Northrop Grumman: LITENING in a Pod LITENING III on GR4
(click to view full)

Northrop Grumman representatives informed DID that their pod will be an enhanced “LITENING SE” variant of their new LITENING G4, which has demonstrated both air-ground and air-air capabilities in testing. LITENING SE changes include an all-digital 1024 x 1024 pixel forward-looking infrared sensor (compared to the AT’s 640 x 512 pixel system); a similar 1K charge-coupled device TV sensor for daytime imaging; a Laser Target Imaging Program imaging system providing improved target recognition across a wide range of conditions; and a “plug and play” data link system that enables them to accept a variety of data links without further modifications to the pod or aircraft. Among other things, PNP-III (Plug N Play 3) is aligned with the ROVER 5 standard for 2-way transmissions with ground forces.

Northrop Grumman has sold its AN/AAQ-28 LITENING pods to a number of customers, for use on a number of different aircraft types. When looking at global coverage and customer bases, however, it’s important to note that Northrop Grumman is only 1 of 2 firms producing LITENING pods. Israel’s RAFAEL invented the LITENING, and has pursued parallel development and sales of their own LITENING I/II/III/EF models within the framework of their formal agreement with Northrop Grumman. At present, however, G4/SE technology is proprietary to Northrop Grumman, who is working on export clearances but hasn’t yet received them.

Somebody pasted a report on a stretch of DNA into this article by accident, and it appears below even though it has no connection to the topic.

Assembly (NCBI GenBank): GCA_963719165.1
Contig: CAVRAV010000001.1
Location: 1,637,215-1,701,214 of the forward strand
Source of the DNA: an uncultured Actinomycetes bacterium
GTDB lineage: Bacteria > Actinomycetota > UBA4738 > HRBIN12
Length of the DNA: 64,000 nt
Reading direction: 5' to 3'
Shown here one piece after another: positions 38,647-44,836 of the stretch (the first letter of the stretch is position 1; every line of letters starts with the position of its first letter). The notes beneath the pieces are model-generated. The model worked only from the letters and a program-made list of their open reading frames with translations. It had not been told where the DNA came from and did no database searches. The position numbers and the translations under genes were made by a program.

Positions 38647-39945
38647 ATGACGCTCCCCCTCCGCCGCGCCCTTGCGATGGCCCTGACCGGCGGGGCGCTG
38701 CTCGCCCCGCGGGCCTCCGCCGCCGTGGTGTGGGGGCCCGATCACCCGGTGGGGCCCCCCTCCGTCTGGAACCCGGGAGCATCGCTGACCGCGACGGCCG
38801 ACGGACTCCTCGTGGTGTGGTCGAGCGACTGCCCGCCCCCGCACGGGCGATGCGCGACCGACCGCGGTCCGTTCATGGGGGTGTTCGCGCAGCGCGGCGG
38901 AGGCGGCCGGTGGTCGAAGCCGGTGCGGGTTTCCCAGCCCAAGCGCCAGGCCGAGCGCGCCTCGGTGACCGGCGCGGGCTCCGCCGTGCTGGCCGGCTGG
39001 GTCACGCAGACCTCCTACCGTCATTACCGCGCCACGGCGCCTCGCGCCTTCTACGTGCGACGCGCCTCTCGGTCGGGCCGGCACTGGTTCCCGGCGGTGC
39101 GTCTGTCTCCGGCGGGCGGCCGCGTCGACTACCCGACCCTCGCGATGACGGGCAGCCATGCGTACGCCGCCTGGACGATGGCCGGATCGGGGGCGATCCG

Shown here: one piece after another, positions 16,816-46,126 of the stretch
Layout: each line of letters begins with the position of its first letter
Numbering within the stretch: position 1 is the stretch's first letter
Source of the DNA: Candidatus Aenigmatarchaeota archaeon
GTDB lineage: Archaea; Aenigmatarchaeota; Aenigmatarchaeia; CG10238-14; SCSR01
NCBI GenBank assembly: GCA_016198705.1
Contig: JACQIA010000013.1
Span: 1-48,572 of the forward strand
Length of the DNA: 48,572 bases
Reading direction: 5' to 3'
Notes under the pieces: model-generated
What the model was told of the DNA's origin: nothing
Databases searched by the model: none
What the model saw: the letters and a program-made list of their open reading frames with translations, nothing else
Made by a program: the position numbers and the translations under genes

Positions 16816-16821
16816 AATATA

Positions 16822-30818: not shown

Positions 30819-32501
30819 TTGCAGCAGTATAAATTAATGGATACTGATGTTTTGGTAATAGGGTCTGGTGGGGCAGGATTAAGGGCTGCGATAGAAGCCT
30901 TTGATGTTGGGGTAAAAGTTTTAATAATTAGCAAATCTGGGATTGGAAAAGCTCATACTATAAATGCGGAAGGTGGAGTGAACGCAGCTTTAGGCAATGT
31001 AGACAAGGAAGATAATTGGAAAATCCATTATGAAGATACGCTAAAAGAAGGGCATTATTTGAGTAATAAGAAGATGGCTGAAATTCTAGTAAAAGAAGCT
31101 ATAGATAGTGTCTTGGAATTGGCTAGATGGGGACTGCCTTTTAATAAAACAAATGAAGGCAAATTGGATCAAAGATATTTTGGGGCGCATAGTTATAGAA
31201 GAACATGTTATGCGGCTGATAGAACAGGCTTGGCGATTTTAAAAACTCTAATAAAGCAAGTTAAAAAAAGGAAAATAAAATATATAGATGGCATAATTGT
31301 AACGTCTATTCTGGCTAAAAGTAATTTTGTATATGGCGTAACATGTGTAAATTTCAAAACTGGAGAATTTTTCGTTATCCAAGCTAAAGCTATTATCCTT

Overall, platforms known to have integrated at least one LITENING pod variant to at least the tested level include the AV-8B Harrier II, EA-6B Prowler, F-4E/F Phantom, F-5E variants, F-15E Strike Eagle, F-16 Block 15+, F/A-18 Hornet, F/A-18 E/F Super Hornet, JAS-39 A-D Gripen, MiG-21, Sukhoi/HAL SU-30MKI, Tornado, Eurofighter Typhoon, HC-130H Hercules, and B-52H. There are also reports of Jaguar IM, Mirage 2000 (reportedly used during the 1999 Kargil War), and/or MiG-27 integration work in India; and photos of Brazilian A-1/AMX and Colombian Kfir C10 fighters with LITENING pods.

A-10 in Iraq
w. LITENING AT
(click to view full)

In terms of Northrop Grumman’s sales, Israel flies a handful of older LITENING ER models on some of its F-16s. The US military’s pods are all at least LITENING AT standard, even those that began life as LITENING-IIs or LITENING ERs. They’re complemented by a handful of even more advanced LITENING G4s, and Northrop Grumman’s pods serve with the USAF, AFRC, US ANG, and USMC on A-10A/C, AV-8B, EA-6B, F-16 Block 30+, F/A-18 C/D, F-15E, and B-52H aircraft. The A-10Cs, B-52s, F-15Es, and F-16s are all slated to become compatible with the new G4s.

Northrop Grumman LITENING AT pods also serve with the Italian (AV-8B Harrier II), and Spanish (AV-8B) navies. The LITENING AT Block 2 pod, which is somewhere between the AT and G4, serves with Australia (F/A-18 Hornet HUG), Finland (F/A-18 C/D), the Netherlands (F-16 MLU), and Portugal (F-16 A/B Block 15 and F-16AM MLU). In 2012, Denmark added itself to the customer list, buying G4 pods for its F-16 MLUs.

By the time the ATP-SE contract was issued, the US military already had about 10-30 LITENING G4 pods in the field, from about 50 ordered in 2009 by the USMC/ US ANG/ USAF Reserves under existing contract vehicles (see section below). That lot of pods was slated to finish delivery in 2011, and did so.